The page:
Outrage Over BLM Pages Cause Administration to Halt Sales of High School Yearbook

June 08, 2021

Story by Ali Pelura; Photo via WPLG

Concerns from parents regarding yearbook pages dedicated to the Black Lives Matter movement have sparked controversy in one Florida high school. 

Last week, the administration of West Broward High School in Pembroke Pines, Florida, decided to temporarily stop the selling and distribution of “The Edge,” the school’s student-run yearbook. This decision was made in an effort to review concerns before the $90 books could continue to be sold. 

Pictures have been released by Elise Twitchell, the student co-editor-in-chief of the yearbook, showing the yearbook pages in question. The two pages include pictures of West Broward High School students attending protests in support of Black Lives Matter, a movement which has especially gained momentum during this past year since the death of George Floyd. 

The spread also included a history of the Black Lives Matter movement as well as names of Black victims of police violence. Twitchell told reporters that most of what is on the pages is “history of why it’s happening.”

Despite this just being an attempt at addressing history and showcasing student involvement in protests, the editors of the yearbook were told that the pages were not objective. According to reports, this claim was made because there was no description or mention of the Blue Lives Matter, which is a countermovement advocating for the lives of police officers.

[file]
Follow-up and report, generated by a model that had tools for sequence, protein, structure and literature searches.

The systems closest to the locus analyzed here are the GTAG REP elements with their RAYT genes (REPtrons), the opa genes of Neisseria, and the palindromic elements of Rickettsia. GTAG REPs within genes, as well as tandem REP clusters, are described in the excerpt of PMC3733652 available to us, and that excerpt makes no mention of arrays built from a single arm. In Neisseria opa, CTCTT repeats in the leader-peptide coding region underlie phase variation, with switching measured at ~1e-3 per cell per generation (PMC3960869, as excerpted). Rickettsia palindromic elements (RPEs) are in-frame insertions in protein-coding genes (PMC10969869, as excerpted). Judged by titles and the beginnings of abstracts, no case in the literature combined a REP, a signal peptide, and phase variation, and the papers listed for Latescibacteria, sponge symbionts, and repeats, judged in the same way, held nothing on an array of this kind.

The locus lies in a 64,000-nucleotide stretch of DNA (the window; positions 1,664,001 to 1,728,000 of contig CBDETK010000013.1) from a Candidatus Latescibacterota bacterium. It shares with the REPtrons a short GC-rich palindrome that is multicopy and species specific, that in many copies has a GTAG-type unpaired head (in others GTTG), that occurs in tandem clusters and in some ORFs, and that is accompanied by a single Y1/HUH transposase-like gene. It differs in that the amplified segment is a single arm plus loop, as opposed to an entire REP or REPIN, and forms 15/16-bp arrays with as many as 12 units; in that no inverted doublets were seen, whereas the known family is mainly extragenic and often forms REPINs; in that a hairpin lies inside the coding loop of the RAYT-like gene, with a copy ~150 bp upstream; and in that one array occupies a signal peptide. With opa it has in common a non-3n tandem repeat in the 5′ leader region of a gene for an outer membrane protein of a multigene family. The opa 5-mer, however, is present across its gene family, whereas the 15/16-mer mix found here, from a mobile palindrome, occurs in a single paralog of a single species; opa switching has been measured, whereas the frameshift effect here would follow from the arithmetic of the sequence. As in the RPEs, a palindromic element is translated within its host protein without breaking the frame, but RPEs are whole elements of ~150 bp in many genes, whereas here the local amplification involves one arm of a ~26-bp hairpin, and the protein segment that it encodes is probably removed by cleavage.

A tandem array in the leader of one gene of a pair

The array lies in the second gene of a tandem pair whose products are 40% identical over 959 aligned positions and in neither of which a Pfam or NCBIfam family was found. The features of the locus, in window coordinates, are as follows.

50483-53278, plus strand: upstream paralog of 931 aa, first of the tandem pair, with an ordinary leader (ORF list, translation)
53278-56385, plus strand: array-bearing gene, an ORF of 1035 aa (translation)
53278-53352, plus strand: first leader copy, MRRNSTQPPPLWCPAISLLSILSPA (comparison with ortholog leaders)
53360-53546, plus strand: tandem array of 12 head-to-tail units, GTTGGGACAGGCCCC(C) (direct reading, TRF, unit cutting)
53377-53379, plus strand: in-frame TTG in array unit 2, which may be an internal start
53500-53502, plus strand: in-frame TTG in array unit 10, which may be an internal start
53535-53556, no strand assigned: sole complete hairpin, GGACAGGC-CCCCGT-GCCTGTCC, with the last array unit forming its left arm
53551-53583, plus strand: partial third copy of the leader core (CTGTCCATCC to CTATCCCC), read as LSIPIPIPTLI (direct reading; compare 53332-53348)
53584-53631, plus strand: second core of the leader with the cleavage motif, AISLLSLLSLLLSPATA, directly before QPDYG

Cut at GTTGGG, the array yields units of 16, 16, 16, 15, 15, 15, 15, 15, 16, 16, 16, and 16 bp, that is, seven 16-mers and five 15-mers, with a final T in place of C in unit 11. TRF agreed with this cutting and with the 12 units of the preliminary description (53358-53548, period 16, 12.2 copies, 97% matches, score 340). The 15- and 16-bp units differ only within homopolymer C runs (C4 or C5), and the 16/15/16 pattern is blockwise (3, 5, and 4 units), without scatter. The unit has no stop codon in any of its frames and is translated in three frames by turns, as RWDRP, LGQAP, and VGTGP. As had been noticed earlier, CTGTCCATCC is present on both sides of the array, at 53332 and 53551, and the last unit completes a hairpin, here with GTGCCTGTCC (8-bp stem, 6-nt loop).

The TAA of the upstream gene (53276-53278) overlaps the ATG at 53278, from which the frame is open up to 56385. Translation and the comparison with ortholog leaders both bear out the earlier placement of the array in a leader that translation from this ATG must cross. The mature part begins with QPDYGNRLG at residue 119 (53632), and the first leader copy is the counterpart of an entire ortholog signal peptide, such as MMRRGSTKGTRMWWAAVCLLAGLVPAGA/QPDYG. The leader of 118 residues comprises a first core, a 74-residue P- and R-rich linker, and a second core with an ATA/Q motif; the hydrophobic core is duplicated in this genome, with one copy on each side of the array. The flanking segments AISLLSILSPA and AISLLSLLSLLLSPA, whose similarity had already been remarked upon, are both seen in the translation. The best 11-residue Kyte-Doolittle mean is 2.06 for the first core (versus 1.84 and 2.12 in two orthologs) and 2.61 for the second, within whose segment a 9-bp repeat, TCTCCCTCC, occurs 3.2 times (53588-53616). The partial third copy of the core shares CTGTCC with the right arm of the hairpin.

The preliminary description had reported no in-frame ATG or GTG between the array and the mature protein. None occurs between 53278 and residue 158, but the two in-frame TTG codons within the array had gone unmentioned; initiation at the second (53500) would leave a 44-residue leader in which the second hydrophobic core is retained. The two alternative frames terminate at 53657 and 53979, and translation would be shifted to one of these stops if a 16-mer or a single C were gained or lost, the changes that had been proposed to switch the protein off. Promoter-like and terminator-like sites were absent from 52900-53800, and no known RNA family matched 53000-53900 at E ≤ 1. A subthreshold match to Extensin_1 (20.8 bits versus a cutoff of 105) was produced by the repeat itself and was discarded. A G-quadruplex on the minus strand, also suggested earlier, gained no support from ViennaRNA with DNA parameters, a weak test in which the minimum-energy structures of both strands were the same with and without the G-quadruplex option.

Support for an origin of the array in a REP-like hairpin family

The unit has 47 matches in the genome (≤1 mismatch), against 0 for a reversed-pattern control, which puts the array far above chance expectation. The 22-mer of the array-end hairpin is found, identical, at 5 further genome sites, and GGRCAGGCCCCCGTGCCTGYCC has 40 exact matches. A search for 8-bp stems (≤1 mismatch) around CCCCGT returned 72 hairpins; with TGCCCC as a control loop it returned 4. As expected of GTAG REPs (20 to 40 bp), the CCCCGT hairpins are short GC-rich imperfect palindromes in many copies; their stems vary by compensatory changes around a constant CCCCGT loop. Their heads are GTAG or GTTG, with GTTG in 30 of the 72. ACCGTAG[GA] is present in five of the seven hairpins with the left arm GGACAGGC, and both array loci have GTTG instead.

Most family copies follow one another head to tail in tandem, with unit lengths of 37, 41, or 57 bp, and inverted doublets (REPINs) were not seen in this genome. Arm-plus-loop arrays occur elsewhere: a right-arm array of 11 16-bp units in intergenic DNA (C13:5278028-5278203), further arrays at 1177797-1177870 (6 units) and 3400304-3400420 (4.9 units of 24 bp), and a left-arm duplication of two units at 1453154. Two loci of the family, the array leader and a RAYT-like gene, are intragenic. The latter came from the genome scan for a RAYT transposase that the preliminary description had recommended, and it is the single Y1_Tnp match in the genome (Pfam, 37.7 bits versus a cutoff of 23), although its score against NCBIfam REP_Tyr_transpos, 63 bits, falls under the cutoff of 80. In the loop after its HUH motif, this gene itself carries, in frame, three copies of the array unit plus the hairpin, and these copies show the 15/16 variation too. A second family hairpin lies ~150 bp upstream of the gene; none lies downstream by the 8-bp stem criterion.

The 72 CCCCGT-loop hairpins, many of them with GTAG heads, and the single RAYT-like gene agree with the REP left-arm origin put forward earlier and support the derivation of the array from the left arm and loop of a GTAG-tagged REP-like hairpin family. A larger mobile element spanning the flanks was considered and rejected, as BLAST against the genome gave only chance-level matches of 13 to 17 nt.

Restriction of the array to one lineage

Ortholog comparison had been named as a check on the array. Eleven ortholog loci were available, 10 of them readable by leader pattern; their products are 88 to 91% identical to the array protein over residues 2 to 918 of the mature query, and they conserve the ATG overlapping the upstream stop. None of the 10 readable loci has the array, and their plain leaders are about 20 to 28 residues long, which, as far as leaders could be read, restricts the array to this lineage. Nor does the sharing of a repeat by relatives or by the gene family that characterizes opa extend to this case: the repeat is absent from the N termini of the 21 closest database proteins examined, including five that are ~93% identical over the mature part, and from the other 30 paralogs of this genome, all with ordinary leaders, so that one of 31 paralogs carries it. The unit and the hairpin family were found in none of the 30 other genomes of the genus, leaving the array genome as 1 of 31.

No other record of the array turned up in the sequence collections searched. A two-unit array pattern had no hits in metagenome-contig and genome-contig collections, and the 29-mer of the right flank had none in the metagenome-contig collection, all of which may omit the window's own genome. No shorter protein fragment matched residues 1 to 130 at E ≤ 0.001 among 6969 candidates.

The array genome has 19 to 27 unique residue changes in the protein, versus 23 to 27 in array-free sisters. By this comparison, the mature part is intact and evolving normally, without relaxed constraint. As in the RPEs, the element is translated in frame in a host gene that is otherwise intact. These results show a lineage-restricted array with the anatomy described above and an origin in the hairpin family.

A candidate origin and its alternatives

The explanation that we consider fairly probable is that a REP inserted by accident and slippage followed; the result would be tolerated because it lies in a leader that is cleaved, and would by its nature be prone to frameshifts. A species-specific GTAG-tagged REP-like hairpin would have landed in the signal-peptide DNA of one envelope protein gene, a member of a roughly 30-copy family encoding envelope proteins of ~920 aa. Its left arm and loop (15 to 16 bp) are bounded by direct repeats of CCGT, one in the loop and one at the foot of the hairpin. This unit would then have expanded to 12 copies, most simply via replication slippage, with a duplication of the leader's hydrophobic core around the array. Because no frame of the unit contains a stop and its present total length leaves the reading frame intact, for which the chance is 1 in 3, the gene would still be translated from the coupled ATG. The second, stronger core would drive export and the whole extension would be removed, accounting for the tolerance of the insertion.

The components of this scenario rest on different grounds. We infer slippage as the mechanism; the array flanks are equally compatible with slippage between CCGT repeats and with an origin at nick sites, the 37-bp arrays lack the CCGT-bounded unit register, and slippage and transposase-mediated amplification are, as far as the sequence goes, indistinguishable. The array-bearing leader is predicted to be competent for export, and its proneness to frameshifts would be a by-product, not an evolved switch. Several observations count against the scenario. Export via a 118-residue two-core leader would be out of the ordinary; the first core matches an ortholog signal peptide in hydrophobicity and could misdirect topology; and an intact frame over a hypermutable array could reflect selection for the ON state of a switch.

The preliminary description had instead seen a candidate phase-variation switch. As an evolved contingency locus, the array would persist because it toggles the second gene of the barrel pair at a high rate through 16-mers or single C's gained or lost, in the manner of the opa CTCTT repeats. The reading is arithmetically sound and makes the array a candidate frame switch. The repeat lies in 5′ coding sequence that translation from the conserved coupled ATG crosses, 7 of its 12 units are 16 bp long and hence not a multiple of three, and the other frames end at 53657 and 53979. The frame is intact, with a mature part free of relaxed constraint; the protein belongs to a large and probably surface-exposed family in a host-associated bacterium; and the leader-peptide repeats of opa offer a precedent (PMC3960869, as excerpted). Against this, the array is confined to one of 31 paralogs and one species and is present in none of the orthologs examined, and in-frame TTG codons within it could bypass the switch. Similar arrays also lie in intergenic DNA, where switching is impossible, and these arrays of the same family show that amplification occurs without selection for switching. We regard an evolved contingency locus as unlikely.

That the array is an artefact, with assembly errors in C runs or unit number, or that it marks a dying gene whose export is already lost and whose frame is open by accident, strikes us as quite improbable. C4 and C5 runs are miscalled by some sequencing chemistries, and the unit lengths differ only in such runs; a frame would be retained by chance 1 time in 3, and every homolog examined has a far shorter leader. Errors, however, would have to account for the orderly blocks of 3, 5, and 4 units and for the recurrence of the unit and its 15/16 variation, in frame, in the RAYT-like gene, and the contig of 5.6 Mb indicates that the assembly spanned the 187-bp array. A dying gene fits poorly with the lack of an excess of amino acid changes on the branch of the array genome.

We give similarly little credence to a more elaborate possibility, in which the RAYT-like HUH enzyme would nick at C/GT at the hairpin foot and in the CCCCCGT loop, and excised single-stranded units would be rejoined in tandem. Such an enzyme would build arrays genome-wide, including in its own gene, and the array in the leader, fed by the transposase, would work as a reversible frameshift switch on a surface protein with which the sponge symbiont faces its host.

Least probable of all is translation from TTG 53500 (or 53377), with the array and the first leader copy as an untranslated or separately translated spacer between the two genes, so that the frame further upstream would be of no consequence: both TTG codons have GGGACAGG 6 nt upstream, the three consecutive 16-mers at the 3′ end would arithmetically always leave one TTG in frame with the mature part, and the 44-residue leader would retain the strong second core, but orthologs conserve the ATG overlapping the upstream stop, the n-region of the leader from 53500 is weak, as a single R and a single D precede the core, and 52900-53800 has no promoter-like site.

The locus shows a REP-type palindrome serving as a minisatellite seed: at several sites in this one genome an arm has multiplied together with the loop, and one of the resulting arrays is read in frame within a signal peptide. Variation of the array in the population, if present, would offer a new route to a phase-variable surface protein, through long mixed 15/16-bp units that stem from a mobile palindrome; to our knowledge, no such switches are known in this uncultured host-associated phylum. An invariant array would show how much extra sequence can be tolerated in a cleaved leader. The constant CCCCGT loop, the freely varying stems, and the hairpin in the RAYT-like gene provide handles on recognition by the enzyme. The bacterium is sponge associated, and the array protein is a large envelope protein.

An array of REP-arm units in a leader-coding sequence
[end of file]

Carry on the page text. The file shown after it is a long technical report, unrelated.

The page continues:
The teacher in charge of the yearbook publication, David Fleischer, has gone on to explain that the group did not feel it was necessary or appropriate to include “anything beyond Black Lives Matter” because “it took away from the purpose of the page.” 

According to Fleischer, the school administration was given the opportunity to review the pages in question but decided not to. 

Now that they have taken the time to review, administrators have decided to resume the sales and distribution of “The Edge.” According to the Broward County Public Schools’ statement, every book now includes an insert that notes that “the views expressed are not sponsored by the District.”

Despite how this incident ended, it is nonetheless part of a larger discussion not only of student journalism and censorship but also of social movements in general and how they should be represented in schools.